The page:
Art. 177. Only children conceived and born outside of wedlock of parents who, at the time of the conception of the former, were not disqualified by any impediment to marry each other may be legitimated. Teotico v. Del Val G.R. No. L-18753 1965 BAUTISTA ANGELO, J. FACTS: Maria Mortera y Balsalobre Vda. de Aguirre died on July 14, 1955 in the City of Manila leaving properties worth P600,000.00. She left a will written in Spanish which she executed at her residence at No. 2 Legarda St., Quiapo, Manila. She affixed her signature at the bottom of the will and on the left margin of each and every page thereof in the presence of Pilar Borja, Pilar C. Sanchez, and Modesto Formilleza, who in turn March 26,

affixed their signatures below the attestation clause and on the left margin of each and every page of the will in the presence of the testatrix and of each other. Said will was acknowledged before Notary Public Niceforo S. Agaton by the testatrix and her witnesses. In said will the testatrix made the following preliminary statement: that she was possessed of the full use of her mental faculties; that she was free from illegal pressure or influence of any kind from the beneficiaries of the will and from any influence of fear or threat; that she freely and spontaneously executed said will and that she had neither ascendants nor descendants of any kind such that she could freely dispose of all her estate. Among the many legacies and devises made in the will was one of P20,000.00 to Rene A. Teotico, married to the testatrix's niece named Josefina Mortera. To said spouses the testatrix left the usufruct of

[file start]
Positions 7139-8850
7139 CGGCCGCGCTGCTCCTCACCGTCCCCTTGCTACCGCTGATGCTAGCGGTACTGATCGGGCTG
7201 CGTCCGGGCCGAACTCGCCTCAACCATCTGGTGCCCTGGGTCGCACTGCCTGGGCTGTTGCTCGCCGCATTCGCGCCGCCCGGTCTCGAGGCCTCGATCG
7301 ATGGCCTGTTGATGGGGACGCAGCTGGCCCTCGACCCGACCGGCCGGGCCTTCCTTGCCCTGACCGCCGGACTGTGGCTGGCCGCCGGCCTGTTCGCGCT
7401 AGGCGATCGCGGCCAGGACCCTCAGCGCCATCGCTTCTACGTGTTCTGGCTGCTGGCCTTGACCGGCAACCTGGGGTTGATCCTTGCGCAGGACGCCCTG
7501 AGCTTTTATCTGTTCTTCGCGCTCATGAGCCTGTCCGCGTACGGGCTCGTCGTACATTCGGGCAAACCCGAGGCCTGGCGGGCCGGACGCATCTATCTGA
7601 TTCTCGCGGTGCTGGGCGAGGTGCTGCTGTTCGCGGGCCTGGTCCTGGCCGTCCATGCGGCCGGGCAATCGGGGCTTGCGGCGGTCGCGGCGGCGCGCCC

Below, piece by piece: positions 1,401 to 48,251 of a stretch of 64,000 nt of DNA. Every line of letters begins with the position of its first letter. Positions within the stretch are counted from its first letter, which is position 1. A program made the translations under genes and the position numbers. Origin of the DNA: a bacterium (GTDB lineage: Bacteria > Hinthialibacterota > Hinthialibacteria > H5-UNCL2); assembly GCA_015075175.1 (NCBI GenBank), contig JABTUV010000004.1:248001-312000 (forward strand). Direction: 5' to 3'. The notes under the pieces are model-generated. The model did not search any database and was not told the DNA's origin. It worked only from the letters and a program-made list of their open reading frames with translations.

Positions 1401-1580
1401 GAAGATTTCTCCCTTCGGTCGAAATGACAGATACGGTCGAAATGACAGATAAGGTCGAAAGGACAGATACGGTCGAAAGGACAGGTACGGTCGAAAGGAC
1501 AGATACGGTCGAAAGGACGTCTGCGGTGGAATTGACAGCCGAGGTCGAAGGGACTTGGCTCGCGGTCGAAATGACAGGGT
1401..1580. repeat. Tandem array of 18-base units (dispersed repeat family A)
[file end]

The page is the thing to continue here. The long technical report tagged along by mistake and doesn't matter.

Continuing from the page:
her interest in the Calvo building, while the naked ownership thereof she left in equal parts to her grandchildren who are the legitimate children of said spouses. The testatrix also instituted Josefina Mortera as her sole and universal heir to all the remainder of her properties not otherwise disposed of in the will. On July 17, 1955, Vicente B. Teotico filed a petition for the probate of the will before the Court of First Instance of Manila which was set for hearing on September 3, 1955 after the requisite publication and service to all parties concerned. Ana del Val Chan, claiming to be an adopted child of Francisca Mortera, a deceased sister of the testatrix, as well as an acknowledged natural child of Jose Mortera, a deceased brother of the same testatrix, filed on September 2, 1955 an opposition to the probate of the will alleging the following grounds: (1) said